Focusing on That Which One Can Influence
Julia Steiny presents some thoughts on how to hire great teachers, and this point caught my eye:
[Delia Stafford, CEO of the Haberman Educational Foundation] adds that an interviewee might answer a question with: “‘What do they expect of me? The parents don’t show up and the kids don’t bring homework.’ If they tell us that kids are at risk because so many parents are not doing their jobs and the students aren’t interested, they aren’t going to work out. Some list everything outside of the classroom: ‘The curriculum doesn’t fit; we test them too much.’ On the other hand, another person might say, ‘I would never punish kids because their parents didn’t show up.’ These are basic, core beliefs.”
Of course, such an attitude during a job interview shows extremely poor judgment, in the first place, not the least because it assumes shared group-think with the interviewers. Putting that aside, though, the lesson is certainly not exclusive to teachers: We can only change that which we have the power to control.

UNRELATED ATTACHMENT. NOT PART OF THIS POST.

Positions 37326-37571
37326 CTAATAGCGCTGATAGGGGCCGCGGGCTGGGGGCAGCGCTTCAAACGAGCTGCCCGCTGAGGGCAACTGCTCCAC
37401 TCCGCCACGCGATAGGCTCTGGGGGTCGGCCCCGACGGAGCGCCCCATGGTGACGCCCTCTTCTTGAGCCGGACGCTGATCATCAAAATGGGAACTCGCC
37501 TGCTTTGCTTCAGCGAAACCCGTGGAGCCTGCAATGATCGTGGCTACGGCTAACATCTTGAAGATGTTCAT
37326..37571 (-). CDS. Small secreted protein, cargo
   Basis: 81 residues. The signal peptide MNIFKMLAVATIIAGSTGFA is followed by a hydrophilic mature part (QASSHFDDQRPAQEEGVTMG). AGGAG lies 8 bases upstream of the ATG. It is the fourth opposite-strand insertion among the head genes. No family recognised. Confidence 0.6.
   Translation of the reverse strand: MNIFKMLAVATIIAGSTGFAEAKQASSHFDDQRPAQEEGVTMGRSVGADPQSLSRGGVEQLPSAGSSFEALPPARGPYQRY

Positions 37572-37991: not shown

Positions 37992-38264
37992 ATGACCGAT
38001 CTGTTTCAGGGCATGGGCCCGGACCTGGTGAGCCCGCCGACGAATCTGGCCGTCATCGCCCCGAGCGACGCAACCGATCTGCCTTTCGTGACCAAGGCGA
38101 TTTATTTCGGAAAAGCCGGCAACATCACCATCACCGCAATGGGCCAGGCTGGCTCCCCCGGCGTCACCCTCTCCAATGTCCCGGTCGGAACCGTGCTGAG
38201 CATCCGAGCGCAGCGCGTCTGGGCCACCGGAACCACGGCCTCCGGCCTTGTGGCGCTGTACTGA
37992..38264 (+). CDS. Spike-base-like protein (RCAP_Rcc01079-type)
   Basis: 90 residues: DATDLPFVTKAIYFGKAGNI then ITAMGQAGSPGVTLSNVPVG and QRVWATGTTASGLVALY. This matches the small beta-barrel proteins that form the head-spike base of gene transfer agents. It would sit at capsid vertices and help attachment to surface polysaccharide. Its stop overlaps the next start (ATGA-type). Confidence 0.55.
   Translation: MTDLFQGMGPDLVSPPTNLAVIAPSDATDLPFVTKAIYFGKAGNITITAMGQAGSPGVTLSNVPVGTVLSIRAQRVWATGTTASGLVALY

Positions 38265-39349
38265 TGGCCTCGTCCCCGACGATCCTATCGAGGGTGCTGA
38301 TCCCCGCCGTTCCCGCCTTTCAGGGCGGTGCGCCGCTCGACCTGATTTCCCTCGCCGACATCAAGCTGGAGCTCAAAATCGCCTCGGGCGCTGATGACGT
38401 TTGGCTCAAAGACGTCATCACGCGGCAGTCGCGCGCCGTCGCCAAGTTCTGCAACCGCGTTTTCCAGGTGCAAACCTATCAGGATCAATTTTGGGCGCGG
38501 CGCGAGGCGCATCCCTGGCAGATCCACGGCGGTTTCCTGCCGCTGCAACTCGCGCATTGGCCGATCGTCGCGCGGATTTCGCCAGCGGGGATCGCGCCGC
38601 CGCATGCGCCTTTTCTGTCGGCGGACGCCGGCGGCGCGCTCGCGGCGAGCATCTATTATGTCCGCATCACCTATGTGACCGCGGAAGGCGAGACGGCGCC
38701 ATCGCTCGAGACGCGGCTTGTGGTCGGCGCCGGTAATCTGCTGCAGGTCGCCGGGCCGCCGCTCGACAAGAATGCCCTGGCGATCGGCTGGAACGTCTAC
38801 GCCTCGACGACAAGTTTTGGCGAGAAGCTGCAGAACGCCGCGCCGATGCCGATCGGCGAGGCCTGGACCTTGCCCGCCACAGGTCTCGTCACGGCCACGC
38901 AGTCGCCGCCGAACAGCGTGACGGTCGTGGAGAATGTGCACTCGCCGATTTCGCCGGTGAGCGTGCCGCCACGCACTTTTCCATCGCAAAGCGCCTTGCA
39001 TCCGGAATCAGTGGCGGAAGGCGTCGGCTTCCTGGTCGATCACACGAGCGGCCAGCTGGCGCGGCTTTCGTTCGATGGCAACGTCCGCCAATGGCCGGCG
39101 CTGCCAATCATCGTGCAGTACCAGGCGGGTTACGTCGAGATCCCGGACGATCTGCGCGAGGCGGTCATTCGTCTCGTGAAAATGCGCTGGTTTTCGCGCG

A person hired to do a job should see obstacles as problems to be addressed, not preemptive excuses. Homework, for example, has a purpose. If it isn’t getting done, then that purpose isn’t being achieved. A teacher must either figure out a way to motivate a particular student to do the homework or find some alternative method that achieves the underlying goal of the homework.
The strategies could be very broad, such as changes to school policies and culture, but they’re likely to be very specific to the student and the situation. As Stafford suggests, the important things are the core beliefs — the basic understanding of role and approaches to problem solving.